Pearl Harbor memorial honors those who died in surprise attack
HONOLULU, Hawaii - With the approach of Memorial Day weekend we are reminded it is a time for many families to reflect upon the ultimate sacrifice made in the service of our nation by a relative or relatives.
Collectively as a nation, however, even after 73 years, no military engagement in our history causes us to reflect more than the Sunday, Dec. 7, 1941, surprise attack on the U.S. Pacific Fleet anchored at Pearl Harbor by the Empire of Japan.
Launching the planes in two waves from an aircraft carrier-based attack fleet that had sailed undetected to within approximately 230 miles northwest of the island of Oahu, the first squadron of fighter bombers arrived from the east at 7:55 a.m. to begin the attack on the picturesque harbor on the south side of the island.
As expected by the Japanese high command when choosing a Sunday to carry out "Operation Z," they initially encountered a relaxed, totally unprepared force - from sailors going about routine duties to officers living off base finishing their breakfast - and the information was radioed back by Commander Mitsuo Fuchida with the message "Tora. Tora. Tora." ("Tiger. Tiger. Tiger.")
At 8:40 a.m., the second wave of planes began their attack, and by the time the carnage ended at 9:45 a.m., 2,335 U.S. military personnel were killed, 1,143 wounded; 68 civilians killed, 35 wounded; 65 Japanese killed and one captured. As devastating as the losses were, the carnage would have been greater had the Japanese decided to launch a third attack planned by Adm. Isoroku Yamamoto, which the American forces expected.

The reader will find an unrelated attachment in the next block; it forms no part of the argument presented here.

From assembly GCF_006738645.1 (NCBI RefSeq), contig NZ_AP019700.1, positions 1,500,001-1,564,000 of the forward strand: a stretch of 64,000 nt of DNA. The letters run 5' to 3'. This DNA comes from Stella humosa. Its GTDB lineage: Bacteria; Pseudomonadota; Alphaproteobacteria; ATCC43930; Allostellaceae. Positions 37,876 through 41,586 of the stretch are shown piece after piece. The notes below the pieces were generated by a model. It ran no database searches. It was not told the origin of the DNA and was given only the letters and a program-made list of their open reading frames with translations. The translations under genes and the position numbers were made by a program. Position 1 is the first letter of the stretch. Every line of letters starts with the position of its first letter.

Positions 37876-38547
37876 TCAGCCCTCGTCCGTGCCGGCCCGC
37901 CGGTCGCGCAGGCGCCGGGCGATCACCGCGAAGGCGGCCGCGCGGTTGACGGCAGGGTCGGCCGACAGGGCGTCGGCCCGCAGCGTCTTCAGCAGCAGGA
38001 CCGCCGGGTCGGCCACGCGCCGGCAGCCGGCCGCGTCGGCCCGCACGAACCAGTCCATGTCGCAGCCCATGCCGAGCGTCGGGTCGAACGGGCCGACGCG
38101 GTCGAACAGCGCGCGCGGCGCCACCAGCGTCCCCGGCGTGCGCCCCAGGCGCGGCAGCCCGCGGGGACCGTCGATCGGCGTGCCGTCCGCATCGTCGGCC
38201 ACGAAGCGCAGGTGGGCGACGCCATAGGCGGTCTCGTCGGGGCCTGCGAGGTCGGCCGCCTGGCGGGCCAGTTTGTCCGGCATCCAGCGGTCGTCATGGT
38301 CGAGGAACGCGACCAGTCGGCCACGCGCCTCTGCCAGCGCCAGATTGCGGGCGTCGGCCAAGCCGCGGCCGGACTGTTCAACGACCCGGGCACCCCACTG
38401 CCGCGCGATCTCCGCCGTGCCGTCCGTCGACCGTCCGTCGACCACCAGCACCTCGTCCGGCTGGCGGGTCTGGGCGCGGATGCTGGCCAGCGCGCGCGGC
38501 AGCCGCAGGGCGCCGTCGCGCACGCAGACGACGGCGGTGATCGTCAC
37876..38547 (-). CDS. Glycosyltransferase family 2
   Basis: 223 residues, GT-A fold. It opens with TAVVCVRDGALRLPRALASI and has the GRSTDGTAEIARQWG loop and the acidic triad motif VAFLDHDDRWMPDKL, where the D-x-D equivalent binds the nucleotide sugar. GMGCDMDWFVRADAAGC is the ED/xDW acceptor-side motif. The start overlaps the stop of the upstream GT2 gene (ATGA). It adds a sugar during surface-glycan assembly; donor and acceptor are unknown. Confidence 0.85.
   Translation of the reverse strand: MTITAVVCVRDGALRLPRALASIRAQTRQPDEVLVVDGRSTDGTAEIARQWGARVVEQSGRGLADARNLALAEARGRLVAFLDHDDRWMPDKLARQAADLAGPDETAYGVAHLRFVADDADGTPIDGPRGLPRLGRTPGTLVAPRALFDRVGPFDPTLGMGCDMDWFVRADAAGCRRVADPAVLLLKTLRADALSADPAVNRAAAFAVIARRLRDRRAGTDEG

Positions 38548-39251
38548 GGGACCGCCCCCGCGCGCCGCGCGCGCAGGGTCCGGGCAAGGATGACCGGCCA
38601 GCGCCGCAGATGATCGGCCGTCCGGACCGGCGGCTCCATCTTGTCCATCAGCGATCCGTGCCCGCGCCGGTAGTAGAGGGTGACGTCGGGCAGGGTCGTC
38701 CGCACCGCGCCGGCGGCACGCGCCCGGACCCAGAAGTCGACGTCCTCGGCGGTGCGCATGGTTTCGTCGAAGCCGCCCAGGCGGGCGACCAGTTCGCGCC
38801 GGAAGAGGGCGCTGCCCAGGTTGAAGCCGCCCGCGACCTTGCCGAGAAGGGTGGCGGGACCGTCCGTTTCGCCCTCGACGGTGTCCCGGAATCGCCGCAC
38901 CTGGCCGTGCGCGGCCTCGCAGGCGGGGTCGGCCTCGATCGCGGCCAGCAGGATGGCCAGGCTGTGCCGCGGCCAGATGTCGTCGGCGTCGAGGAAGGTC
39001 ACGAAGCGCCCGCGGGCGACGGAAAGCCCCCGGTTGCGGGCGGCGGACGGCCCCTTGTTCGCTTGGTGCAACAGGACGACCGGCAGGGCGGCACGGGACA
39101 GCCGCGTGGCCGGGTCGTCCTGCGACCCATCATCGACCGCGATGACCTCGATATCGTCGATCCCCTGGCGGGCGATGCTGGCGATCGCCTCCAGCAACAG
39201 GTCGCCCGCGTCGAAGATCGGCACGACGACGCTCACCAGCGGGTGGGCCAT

Today, Pearl Harbor is part of the World War II Valor in the Pacific National Monument, maintained by the National Park Service. Approximately 1.5 million visitors pass through the gates each year to view the pristine exhibits, which manage to balance the fine line between being a memorial and a tourist attraction.
Like at other national parks, a visitors center, which opened in 1980, sells souvenirs that range from shot glasses and T-shirts to books and DVDs. There is also a museum with artifacts, memorabilia, maps, scale-model ships, a timeline of events that led to war in the Pacific and a documentary film.
Unlike anywhere else, however, Pearl Harbor has the iconic USS Arizona Memorial - a 184-foot structure that spans the beam of the sunken USS Arizona at mid-ship slightly forward of the No. 3 gun turret. This memorial - the final resting place for the 1,177 crewmen who were killed when she took a direct hit to the forward magazine, exploded, listed and sank - is the No. 1 visited site in Hawaii.